Facts About Root Canal Treatment
The tooth has a dentine (gives the teeth their natural color) which contains a pulp cavity or chamber. The canal has tissue and nerves that nourish the teeth as they mature. However, once the teeth have attained maturation, they depend on the surrounding tissues for nourishment. Although it may not have its sensory function, a pulp cavity supports and protects the teeth.
The pulp chamber can get infected due to poor hygiene, repeated dental procedures, trauma to the face, and cracked or chipped teeth. An infected pulp cavity needs an endodontic treatment. A few myths surround this procedure, so here are a few facts you need to know.
Endodontic Treatment is Done to Preserve the Teeth
Do you remember back then when the solution to an infected or decayed tooth was extraction? Today, a few options such as endodontics can help too. Endodontic treatment, if done correctly, can remove the infection, preserve your teeth and dental integrity.
Tooth extraction is a root canal alternative but is only done in severe dental cases. The procedure involves the removal of the permanent teeth and leaves spaces in between. Replacing these teeth is critical not only for your appearance but also to stop the progressive bone loss.
There’s No Pain During the Endodontic Procedure
Contrary to popular opinion, root canal therapy is not painful. The dental specialist will anesthetize the gums to ease the discomfort. If you have dental phobia, sedation may relax you and make the procedure bearable. The dentist can use either oral, intravenous, or deep sedation.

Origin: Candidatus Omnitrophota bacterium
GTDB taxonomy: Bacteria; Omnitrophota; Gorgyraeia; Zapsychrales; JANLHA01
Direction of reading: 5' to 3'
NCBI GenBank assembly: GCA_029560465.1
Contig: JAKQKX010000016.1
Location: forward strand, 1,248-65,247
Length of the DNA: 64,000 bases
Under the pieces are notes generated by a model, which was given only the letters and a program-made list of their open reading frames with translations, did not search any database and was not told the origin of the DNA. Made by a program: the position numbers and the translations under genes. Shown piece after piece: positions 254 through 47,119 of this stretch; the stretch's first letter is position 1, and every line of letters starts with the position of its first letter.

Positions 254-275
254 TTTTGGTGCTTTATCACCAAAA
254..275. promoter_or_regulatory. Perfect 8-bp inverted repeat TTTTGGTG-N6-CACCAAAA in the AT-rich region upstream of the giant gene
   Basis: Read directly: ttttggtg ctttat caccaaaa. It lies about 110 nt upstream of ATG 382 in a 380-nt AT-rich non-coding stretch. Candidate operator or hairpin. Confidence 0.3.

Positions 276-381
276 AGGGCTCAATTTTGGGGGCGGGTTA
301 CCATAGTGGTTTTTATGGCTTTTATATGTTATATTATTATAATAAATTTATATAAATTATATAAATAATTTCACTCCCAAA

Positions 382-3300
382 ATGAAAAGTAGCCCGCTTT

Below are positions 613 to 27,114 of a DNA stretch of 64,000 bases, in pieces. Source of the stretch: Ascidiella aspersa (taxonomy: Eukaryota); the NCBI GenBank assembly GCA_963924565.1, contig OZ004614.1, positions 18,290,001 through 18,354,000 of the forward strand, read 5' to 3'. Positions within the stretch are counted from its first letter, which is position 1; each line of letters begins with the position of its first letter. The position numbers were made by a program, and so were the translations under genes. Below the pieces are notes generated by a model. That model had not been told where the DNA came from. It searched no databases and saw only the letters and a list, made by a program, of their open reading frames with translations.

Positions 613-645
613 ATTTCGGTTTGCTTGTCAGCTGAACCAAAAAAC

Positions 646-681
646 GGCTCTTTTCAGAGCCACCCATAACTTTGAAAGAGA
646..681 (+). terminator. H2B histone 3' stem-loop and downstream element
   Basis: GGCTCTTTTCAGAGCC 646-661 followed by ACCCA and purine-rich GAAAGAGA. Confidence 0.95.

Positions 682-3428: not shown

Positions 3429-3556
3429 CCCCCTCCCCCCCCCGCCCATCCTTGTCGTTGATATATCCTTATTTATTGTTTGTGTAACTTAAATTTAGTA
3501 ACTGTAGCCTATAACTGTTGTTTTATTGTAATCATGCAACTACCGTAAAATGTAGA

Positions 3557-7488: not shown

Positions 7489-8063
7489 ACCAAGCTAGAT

You will, however, have discomfort and pressure after the treatment for a few days. You can use pain relievers, but with the dentist’s instruction.
The Endodontic Process is not Long
You will need one or two dental visits depending on the severity of the infection, and the treatment involves a few steps:
- Dental examination using digital imaging tests. The dentist will check the extent of the decay, bone loss, and condition of the surrounding tissues.
- Next, the affected tooth is separated from the rest using a rubber sheet, which also keeps it dry. The dentist drills the crown, removes the infected pulp and reshapes the teeth reshaped.
- A biocompatible material is placed in the pulp before sealing it
- Finally, the dentist will restore the teeth using a dental crown
Yes, You May Need a Dental Crown
A few people have reservations about dental crowns and deem them unnecessary after the endodontic treatment. But, remember the removal of the pulp cavity will weaken the teeth. A dental crown can restore and strengthen your teeth and also protect it from infection.
Dental Aftercare is Required
After the treatment, you will have slight sensitivity because of the tooth inflammation. You can use pain killers, but also avoid the surface when chewing until the dental crowns are fixed. This will help to avoid recontamination of the teeth and prevent teeth from breaking.
Additionally, continue brushing and flossing to keep the food particles away, and also use a mouthwash to rinse. In the first few days, eat only soft foods that require less chewing. Avoid smoking as it affects the healing process and gum health.
A Few Dental Complications Can Arise
Although the endodontic treatment has a 95 percent success rate, it can cause a few dental problems.
- Having multiple root canals, and some are left untreated increasing the risk of having reinfection.
- Undetected cracks on the teeth allow the bacteria to fester
- An inadequate or break down of the dental filling
If complications arise, the dentist can perform another endodontic treatment.
The Teeth Can Get Discolored
Sometimes your gums and teeth may become slightly dark because of internal bleeding. Luckily, a teeth whitening procedure may be done to remove the stains.
Since decay and repeated dental procedures are the primary cause of pulp infection, maintaining proper dental hygiene is the best prevention plan. Wear a mouthguard when playing high-impact sports to prevent any trauma to the teeth. Additionally, visit Starry dental for your routine dental checkup and cleaning.